KAB101 and ORDER55/Sebastian Humphreys, Station to Station, 2012, Carriage #421, 400-class Redhen railcar. Commissioned by Country Arts SA in partnership with SteamRanger. Photo: David Stevenson. 

In 1991 Benedict Andrews and I walked out onto the balcony of the Metro nightclub in Adelaide seeking reprieve from HMC's pumping dance floor. In the early hours of that Sunday morning we stumbled upon the sharp humour of an artist named KAB101. I sat there trying in vain to keep up with the speed of his wit, and yet that chance meeting remains, for me, one of the most influential moments of that whole decade.

Ten years later in 2001, Andrews, Patrick Cronin and Justin Kurzel organised the first graffiti exhibition in Australia held in a professional public institution. Sake of Name: Australian Graffiti Now was commissioned by the Sydney Theatre Company during Andrews’ term as resident director and opened by Premier Bob Carr at Wharf 2.

Twenty-three years after that first encounter on the balcony in Adelaide, this edition of Artlink is thought to be the first time an Australian art journal has been devoted to exploring graffiti as a contemporary artform.

Wall to Wall presents examples of Australian graffiti artists working in contemporary environments, while referencing the roots of the artform and some of its historical timeline. Artist profiles include Reko Rennie, James Cochran and Ian Strange; the early days of innovation by Australian artists Merda, Duel and CAIB; and articles go back further to the New York explosion and the DIY attitudes of Lady Pink, Jenny Holzer, filmmaker Charlie Ahearn and gallery owner Patti Astor.

It can be easy to pitch one against the other – the art institution vs the outsider artist – but this approach fails to create a fertile space for interesting crossovers to happen between graffiti and broader contemporary practice. It continues to be about opposing forces, rather than inspiring conditions for more expansive or inclusive representations of the Australian experience. Through the recontextualisation of artwork created from one set of circumstances and redeployed in another, some graffiti artists are engaging with platforms that allow their work to speak to a wider audience, find new meaning and gain some critical objectivity.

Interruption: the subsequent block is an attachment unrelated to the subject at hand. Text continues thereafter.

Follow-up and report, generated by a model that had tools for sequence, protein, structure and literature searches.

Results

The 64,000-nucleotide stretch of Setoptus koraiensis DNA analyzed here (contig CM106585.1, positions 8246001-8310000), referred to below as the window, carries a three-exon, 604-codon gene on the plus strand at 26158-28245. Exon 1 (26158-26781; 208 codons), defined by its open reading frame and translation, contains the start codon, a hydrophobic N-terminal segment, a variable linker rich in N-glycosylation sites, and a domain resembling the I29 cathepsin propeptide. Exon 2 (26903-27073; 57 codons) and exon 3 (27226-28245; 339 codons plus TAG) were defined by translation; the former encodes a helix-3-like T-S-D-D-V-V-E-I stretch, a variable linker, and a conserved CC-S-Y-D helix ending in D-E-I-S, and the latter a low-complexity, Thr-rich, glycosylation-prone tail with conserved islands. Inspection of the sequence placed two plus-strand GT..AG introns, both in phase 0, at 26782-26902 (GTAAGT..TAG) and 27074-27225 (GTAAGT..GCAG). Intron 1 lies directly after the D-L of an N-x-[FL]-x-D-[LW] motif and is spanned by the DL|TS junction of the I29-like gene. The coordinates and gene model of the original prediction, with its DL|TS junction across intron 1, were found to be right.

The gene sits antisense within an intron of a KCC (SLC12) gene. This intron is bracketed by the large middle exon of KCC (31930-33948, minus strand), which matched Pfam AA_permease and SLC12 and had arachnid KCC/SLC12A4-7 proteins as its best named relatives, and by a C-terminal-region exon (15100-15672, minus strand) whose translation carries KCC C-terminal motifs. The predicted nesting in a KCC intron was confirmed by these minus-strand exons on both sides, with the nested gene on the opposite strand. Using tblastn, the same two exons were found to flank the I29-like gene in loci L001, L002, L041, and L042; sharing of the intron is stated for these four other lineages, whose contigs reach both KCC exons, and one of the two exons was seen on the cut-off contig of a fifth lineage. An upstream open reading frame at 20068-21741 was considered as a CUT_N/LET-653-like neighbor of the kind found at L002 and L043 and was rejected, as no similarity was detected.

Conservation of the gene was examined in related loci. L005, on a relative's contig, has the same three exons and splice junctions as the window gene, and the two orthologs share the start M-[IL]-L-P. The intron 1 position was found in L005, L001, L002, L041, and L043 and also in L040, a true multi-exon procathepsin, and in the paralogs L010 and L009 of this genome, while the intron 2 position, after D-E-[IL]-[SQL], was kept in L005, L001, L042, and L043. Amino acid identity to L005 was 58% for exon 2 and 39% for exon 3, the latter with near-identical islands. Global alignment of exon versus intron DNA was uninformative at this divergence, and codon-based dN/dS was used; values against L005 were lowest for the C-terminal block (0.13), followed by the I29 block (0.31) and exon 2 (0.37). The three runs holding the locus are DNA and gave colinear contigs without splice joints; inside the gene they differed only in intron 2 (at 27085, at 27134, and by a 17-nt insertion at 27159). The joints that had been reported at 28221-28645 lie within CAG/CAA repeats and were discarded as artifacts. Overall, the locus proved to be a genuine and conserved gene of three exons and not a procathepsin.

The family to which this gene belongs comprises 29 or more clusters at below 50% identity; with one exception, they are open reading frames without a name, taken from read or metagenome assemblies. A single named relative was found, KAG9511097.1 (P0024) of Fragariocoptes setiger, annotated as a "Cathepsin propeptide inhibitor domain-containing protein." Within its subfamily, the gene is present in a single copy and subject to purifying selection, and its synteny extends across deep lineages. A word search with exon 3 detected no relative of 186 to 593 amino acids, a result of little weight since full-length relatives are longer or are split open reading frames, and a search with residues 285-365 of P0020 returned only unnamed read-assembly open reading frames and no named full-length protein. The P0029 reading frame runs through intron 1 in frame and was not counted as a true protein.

Most street-based graffiti art does not aim to serve audiences in the same way as other forms of public art. This doesn’t mean that graffiti artists are indifferent to the spaces they work in. The act of writing is deeply personal, a certain kind of creativity that connects people to places in ways that many other forms of public art simply cannot. It can be argued that those who take private ownership of public space contribute more to the corrosion of public space and culture than any amount of graffiti ever will. We have deliberately omitted images of artworks that were created illegally so that those readers who are prone to respond with conversation-stopping references to vandalism can therefore turn the pages, engage with the content and appreciate the artform without taking personal offense.

Many of the contributors to this issue are extremely busy people. I offer my profound thanks that they have contributed to Wall to Wall with such a wide array of topics. Particular thanks go to Scott Coleman, Matthew Peet, Sebastian Humphreys and Lisa Slade. Limited by space as well as a scarcity of contributors who can critically write about graffiti as an artform, we could have easily explored twice as much as we have.